I wanted to do something that had breathing space, and used a simpler, more rubbery and more flat drawing style, like Heinz Edelmann in Yellow Submarine. I asked ‘What kind of story can I use that for?’ and thought about Terry Gilliam and his processing of Kafka's tone and atmosphere. I plunged in. It's a more un-fussy approach to comics making that’s in real contrast to the fastidious and deliberate mode that Bee’s drawn in.”
Aside from the trippy stylization, Little shifts the octagonal panels around a black page, so that the reading experience is mostly one of left to right. He even works with panel sizes in a subtle way.
“I had in mind this swelling action where important panels would be big panels, but not big next to teeny-weenie panels, they would swell into the big moments,” Jason points out. “I’m not sure if it’s even really all that evident in the work, but I like the way it turned out.”
As for the rest of Jason Little’s future output? They’re in the form of proposals with several of his friends and collaborators.
“There’s a bouquet of proposals,” he reveals. “There’s a children’s book—and I know I was just saying I’m not cut out for children’s books, but it's okay because this is being written by Nick Bertozzi. He’s doing layouts for it, too. I am his technician. He’s the idea guy, and he needed me to do some beautiful and mechanical rendering.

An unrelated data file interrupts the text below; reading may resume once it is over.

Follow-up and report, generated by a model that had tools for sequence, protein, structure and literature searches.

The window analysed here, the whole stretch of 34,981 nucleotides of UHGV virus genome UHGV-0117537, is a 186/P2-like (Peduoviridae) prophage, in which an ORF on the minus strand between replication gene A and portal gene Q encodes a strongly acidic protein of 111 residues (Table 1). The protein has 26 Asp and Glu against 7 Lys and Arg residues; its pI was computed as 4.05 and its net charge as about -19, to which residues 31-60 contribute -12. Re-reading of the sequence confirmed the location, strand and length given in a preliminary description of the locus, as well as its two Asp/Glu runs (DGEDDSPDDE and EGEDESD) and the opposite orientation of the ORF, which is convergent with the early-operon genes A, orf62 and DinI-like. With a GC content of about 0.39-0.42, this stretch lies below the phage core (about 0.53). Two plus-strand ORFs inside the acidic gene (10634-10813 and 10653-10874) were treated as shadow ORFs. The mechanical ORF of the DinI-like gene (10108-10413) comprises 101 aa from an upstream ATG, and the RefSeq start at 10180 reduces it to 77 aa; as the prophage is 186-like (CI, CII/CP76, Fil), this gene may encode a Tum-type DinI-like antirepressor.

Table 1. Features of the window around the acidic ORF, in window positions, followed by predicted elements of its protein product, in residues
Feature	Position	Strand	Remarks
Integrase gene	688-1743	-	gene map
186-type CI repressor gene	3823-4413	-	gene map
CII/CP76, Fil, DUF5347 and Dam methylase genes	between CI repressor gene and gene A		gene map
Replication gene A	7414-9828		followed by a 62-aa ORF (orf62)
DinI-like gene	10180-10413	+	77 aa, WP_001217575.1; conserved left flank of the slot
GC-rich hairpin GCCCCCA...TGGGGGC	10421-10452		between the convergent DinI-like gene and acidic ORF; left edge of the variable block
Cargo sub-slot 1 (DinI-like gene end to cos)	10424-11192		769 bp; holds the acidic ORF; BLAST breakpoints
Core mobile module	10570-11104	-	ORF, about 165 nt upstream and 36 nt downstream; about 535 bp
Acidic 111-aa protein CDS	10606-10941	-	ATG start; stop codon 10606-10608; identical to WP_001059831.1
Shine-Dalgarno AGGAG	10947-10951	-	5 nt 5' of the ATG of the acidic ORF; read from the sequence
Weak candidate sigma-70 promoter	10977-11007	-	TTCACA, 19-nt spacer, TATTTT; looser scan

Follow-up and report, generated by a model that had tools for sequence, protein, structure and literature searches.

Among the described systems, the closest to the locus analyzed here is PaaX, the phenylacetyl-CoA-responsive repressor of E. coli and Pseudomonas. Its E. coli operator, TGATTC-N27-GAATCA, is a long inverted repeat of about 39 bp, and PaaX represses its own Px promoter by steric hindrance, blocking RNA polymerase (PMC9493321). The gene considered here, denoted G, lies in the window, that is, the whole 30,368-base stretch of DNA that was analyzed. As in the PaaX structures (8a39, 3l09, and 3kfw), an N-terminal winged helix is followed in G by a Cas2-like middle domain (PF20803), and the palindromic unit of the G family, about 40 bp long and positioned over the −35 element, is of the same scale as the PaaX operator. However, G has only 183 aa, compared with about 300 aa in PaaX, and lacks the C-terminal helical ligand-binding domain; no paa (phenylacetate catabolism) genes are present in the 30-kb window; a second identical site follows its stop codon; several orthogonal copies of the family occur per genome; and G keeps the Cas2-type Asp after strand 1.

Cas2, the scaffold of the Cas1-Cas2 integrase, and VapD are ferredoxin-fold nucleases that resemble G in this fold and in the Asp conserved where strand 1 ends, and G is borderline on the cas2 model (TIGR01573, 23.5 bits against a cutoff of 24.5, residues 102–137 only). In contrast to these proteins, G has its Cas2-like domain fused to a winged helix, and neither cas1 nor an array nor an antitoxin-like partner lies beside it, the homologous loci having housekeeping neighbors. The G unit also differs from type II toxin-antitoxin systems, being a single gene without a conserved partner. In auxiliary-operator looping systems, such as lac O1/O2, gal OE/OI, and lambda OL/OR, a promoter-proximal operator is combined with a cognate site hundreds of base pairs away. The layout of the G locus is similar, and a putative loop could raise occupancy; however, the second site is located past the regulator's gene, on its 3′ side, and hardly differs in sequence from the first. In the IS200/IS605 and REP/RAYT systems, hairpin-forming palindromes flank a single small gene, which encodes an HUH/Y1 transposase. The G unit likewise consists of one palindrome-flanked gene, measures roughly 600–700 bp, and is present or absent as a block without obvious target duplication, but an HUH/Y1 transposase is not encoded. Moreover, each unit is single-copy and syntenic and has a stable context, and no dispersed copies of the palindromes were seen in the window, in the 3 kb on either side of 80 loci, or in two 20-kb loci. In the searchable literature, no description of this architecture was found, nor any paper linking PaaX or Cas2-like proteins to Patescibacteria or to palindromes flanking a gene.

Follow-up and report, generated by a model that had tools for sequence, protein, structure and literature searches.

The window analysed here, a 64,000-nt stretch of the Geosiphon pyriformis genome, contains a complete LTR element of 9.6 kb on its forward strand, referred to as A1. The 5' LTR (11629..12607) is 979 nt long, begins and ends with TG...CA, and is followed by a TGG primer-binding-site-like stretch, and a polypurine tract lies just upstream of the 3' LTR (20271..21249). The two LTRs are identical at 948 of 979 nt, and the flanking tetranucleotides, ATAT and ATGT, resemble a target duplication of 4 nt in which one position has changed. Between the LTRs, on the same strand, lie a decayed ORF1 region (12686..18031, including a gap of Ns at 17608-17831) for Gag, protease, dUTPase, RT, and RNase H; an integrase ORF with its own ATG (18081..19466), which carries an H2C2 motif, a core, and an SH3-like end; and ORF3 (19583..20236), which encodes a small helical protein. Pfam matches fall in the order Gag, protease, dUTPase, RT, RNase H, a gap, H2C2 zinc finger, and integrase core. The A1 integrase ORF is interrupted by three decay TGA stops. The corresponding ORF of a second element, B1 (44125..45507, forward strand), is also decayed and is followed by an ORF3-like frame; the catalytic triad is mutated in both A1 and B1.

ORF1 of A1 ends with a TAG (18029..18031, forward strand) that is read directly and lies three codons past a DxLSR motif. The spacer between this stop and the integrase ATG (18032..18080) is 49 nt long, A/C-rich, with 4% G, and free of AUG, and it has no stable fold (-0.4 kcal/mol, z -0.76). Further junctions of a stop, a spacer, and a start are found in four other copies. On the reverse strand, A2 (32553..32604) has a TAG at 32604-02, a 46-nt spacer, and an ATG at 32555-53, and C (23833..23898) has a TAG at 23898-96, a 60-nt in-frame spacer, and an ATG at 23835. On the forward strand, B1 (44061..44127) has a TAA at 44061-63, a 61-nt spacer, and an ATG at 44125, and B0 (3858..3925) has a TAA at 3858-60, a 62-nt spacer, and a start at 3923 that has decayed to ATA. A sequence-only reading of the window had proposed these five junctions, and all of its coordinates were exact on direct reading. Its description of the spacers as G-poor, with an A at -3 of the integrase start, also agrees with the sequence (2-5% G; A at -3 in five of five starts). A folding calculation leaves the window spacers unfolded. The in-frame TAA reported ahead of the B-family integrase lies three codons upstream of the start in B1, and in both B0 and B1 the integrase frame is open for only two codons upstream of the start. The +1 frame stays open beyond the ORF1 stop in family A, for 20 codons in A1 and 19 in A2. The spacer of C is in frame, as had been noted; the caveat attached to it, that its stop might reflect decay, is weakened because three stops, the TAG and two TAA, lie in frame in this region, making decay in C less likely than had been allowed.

“Then there’s a horror graphic novel about urban planning. That’s written by Jon Lewis. That’s another proposal.
“Then there’s a novel written in the late ‘30s that I’ve acquired an option on. That’ll be black and white. You know The City of Glass graphic novel by Karasik and Mazzucchelli? That’s by far the most successful novel-to-comics adaptation I’ve seen, and I want to try to tap into the same juice that made that work.
“Then there’s a dystopic sci-fi piece that I’m working out with Daupo. That’s a situation where he’s plotting and I’m doing layouts, and then we have a third collaborator in Josh Tyree, who’s doing the script.
“And then I have a backlog of about four original graphic novel ideas, one of which is a new ‘Bee’ book.”
The variety of content and subject matter drives home the main point of Jason Little’s philosophy as a cartoonist, one he expands upon:
“I feel like if I’m not trying something new, I’m not growing as an artist. I need that to keep myself stimulated. That’s the definition of whether I’m doing well, in life: Am I coming up with new ideas, and are they different from the old ideas?”
Lear more about Jason Little at beecomix.com.
Posted by Christopher Irving at 12:15 AM